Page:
By Zev Roth
When Cesar Kaskel first saw the notice, he likely rubbed his eyes. In a
daze, he probably ran home to his family. One look at him and his wife would
have realized that there was something dreadfully wrong.
"Why, what is it? What happened?" she surely asked.
And then he told her about the order for every Jew to leave his home within
twenty- four hours.
"Leave? Why? What have we done?" she may have asked, bewildered.
And he may have answered: "Do they ever say why when they throw Jews out of
their homes? I just never thought it would happen in America."
Whatever the precise words of their conversation, Kaskel informed his spouse
about General Ulysses S. Grant's General Order 11, signed on December 17,
1862. As Military Governor of newly conquered Civil War territory, he had
issued the order in Holly Springs, Mississippi, mandating the total
expulsion of "the Jews, as a class" from an area corresponding with what is
today Northern Mississippi, Kentucky and Western Tennessee within "twenty
four hours," without trial or hearing
In Paducah, Kentucky, many families were expelled. They could not believe
they were being forced from their homes in so abrupt a manner.
A certain Mr. Silverman from Chicago, visiting the town, unfortunately came
to share the fate of his local brethren, who on December 17, denied even
rail transportation for their exodus, were forced to travel all the way to
Memphis by foot. For his efforts to use some contacts to get a desperate
telegram through to General Grant, Mr. Silverman was promptly thrown into a
Holly Springs prison.
For his part, Cesar Kaskel tried to contact the President of the United
States, Abraham Lincoln. He wrote an urgent telegram to the White House,
protesting "this inhuman order, the carrying out of which would be the
grossest violation of the Constitution and our rights as citizens under it,
which will place us...as outlaws before the whole world."
As it happened, his letter was the second to find its way to Lincoln's desk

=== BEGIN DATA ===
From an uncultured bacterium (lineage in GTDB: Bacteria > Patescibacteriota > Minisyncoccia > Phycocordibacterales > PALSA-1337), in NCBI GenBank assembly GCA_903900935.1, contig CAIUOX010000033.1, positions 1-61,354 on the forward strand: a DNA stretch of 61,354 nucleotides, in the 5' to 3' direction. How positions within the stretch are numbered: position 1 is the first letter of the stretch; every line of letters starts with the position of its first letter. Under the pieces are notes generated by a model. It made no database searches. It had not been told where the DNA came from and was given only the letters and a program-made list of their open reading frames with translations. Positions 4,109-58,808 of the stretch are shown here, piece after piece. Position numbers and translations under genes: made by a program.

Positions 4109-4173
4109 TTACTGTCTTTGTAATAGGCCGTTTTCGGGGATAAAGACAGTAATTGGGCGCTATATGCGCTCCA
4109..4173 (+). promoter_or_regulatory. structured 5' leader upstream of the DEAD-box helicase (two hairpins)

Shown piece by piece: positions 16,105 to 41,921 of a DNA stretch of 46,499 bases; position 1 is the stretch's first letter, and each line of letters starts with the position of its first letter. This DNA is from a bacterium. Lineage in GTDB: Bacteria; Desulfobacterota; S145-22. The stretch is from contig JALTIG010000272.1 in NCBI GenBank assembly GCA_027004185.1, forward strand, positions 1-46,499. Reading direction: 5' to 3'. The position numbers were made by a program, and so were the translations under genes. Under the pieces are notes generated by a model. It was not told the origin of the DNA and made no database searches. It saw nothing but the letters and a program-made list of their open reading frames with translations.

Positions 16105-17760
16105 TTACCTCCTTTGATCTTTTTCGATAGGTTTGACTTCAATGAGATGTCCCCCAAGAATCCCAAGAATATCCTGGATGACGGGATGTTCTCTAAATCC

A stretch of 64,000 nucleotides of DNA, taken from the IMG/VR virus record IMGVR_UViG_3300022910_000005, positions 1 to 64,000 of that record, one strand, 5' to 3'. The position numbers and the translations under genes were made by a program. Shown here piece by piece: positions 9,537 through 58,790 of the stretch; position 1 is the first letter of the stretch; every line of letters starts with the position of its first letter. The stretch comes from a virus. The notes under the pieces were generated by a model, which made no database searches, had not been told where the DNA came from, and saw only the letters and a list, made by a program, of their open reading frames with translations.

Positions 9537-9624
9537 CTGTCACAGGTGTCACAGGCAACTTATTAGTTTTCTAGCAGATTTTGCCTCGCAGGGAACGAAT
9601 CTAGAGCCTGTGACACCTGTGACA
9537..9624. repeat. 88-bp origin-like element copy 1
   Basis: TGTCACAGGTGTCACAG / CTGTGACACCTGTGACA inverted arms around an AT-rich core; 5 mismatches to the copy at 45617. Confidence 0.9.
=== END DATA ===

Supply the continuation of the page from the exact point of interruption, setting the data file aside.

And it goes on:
concerning the Jewish people. A few days earlier, a missive had arrived from
one B. Behrend, the father of a religious Jewish soldier in the Union army.
Behrend wrote to request Lincoln's assistance in allowing his son to observe
the Jewish Sabbath. He asked Lincoln, "as your namesake Abraham", for his
help in this matter. "This will be exactly lawful, as the Constitution of
the United States ordains it, and at the same time be exactly according of
the teachings of the Bible, as recorded in Leviticus XIX, 18: "Thou shalt
love thy neighbor as thyself."
Kaskel realized, due to the desperation of the situation, that he had to
make a trip to Washington. With the help of Congressman Gurley of Ohio, he
secured an appointment to see President Lincoln. Together, they were quickly
admitted to Lincoln's office on the second floor of the White House.
It quickly became apparent that Lincoln knew little or nothing about the
Jewish expulsion. Kaskel, however, had brought documentation along, and
provided a first-person account of Jews being evicted from their homes.
After carefully listening, Lincoln asked, "And so the children of Israel
were driven from the happy land of Canaan?"
Kaskel said, "Yes, and that is why we have come unto Father Abraham's bosom,
asking for protection."
Lincoln replied "And this protection they shall have at once." He then
ordered that General Order 11 immediately be revoked.
Historians debate whether Ulysses S. Grant was the one responsible for the
expulsion, or whether he had merely carried out the wishes of an
anti-Semitic higher government official. What is clear, however, is that
Lincoln was very sympathetic to the plight of the Jewish Americans affected
by the order.
Perhaps, in part, because of a letter from a Sabbath-observant soldier's
AM ECHAD RESOURCES
Zev Roth is an author living in Israel. His most recent book is "The
Monsey-Kiryat Sefer Express: True Tales from Two Cities" (Targum Press,